Could a soggy patch of dirt and some logs be better for kids to play on than sleek slides and swingsets? Absolutely, say some child development experts.
Angela Hanscom, for instance, is an occupational therapist who sees strange new symptoms among today’s kids. In her research and testing, Hanscom observes that more and more elementary-age children: Continue reading
It was frustrating.
I had set aside my copy of the Peeps Awards–The Washington Post‘s reader challenge to make the best darned marshmallow Peeps diorama ever. This year, they were even celebrating the “decade of champions.” But when recycling day rolled around and after I’d spent a weekend away, the Peeps were nowhere to be seen.
I looked for them them among the week’s junk mail, shiny catalogs, and other paper refuse as I shifted it from mail basket to recycling bin, but no yellow bunny. Continue reading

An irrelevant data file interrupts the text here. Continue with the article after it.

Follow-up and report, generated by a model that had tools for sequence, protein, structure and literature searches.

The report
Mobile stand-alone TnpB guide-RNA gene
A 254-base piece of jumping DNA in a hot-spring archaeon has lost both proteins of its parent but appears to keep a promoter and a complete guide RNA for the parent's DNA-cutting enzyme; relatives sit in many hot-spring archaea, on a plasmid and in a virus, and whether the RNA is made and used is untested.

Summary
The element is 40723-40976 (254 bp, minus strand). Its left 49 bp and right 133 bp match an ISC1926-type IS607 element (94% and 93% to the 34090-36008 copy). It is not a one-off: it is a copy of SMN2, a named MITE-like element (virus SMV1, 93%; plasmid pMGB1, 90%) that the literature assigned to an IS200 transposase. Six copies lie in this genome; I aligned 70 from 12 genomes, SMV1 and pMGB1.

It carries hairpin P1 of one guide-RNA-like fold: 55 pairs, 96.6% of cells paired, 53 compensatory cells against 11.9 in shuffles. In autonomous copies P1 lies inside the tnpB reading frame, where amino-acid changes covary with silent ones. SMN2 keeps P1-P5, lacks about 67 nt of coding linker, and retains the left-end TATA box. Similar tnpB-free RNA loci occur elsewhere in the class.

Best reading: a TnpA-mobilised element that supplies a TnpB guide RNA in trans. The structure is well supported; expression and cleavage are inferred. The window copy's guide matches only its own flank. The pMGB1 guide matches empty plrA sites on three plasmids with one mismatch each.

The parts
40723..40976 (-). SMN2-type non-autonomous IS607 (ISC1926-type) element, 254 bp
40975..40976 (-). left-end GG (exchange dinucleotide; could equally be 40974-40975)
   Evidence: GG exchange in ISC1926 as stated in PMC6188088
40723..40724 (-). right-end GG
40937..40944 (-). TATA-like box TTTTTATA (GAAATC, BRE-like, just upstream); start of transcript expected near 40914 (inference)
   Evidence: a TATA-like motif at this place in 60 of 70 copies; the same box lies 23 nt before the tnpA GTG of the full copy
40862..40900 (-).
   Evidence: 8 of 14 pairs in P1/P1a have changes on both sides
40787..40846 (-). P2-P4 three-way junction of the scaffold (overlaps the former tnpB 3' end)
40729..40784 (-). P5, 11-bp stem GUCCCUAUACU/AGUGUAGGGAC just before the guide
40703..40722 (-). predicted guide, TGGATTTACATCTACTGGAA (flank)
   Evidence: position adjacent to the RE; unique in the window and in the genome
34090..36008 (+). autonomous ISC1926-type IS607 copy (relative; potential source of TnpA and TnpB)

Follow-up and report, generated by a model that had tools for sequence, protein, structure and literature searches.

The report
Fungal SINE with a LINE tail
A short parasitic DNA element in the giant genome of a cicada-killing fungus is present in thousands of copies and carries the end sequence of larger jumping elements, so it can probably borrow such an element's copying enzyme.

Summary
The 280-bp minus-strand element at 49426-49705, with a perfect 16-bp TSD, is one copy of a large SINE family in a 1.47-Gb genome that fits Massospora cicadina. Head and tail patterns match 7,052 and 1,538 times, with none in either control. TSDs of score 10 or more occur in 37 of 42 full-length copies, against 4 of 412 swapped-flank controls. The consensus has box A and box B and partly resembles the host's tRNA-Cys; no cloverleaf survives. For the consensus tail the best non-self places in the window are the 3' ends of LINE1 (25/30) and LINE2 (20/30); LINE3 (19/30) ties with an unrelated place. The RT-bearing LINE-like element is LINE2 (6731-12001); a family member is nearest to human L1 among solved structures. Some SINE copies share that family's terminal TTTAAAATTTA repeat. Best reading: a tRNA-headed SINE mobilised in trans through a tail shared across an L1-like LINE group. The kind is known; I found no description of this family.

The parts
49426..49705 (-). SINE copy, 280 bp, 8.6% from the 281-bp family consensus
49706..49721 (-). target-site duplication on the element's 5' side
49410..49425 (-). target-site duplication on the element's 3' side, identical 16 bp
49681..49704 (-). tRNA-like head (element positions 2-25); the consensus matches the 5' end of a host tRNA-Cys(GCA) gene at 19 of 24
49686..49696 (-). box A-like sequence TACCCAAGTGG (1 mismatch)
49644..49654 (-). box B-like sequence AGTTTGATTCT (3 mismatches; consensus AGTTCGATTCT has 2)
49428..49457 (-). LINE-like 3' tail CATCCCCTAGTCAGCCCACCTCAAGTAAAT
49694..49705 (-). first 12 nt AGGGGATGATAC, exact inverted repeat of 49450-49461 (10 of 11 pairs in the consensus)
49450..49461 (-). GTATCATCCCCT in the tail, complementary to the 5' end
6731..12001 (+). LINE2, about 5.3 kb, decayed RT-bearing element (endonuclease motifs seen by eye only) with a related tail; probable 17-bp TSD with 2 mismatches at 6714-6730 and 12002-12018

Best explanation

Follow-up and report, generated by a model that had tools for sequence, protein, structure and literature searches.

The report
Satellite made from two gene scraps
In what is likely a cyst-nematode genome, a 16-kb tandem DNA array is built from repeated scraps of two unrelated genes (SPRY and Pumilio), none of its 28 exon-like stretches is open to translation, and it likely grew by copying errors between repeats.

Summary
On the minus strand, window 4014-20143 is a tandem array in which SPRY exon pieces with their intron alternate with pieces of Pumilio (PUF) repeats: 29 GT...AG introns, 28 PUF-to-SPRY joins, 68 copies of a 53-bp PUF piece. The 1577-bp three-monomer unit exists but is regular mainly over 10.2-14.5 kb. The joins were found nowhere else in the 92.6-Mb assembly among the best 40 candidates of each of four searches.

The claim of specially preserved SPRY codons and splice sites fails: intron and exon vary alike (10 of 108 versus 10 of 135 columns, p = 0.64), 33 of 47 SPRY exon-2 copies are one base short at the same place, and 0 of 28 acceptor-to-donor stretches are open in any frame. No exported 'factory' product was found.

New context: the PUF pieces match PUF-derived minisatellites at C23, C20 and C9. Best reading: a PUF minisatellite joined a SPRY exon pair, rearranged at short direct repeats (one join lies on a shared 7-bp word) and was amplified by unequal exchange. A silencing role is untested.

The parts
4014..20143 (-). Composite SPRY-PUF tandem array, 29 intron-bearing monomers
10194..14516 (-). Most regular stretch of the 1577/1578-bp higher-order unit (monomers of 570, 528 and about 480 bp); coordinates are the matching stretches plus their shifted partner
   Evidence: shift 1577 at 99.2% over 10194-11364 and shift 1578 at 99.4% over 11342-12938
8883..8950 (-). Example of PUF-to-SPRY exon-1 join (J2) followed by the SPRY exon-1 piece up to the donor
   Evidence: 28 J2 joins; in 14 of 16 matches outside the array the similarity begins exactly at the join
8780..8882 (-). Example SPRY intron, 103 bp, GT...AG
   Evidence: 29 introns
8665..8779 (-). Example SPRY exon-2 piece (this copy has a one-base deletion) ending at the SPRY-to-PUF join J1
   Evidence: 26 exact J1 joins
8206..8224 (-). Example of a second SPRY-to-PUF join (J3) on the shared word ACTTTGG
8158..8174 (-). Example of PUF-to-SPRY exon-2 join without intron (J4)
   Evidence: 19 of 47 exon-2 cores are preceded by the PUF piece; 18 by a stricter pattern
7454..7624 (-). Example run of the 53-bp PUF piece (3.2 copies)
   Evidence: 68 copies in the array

One of the beautiful things about kids is that they’re unencumbered. Their minds are tabulae rasae—fertile, open fields. The job of parents, teachers, and other caring adults is to direct their exposure to seeds of knowledge and experience, and to help tend what takes root.
The idea, says Dr. Michael Rich—a pediatrician and founder of Children’s Hospital Boston Center on Media and Child Health—is to:
Build a menu of diversity which makes them a richer, fuller person.
When it comes to being able to discover Cuba, I have to give credit to President Clinton. The “People to People” program started in his administration does foster “meaningful interactions between you and individuals in Cuba.” It’s also the only way sixteen other Americans and I could legally visit. Continue reading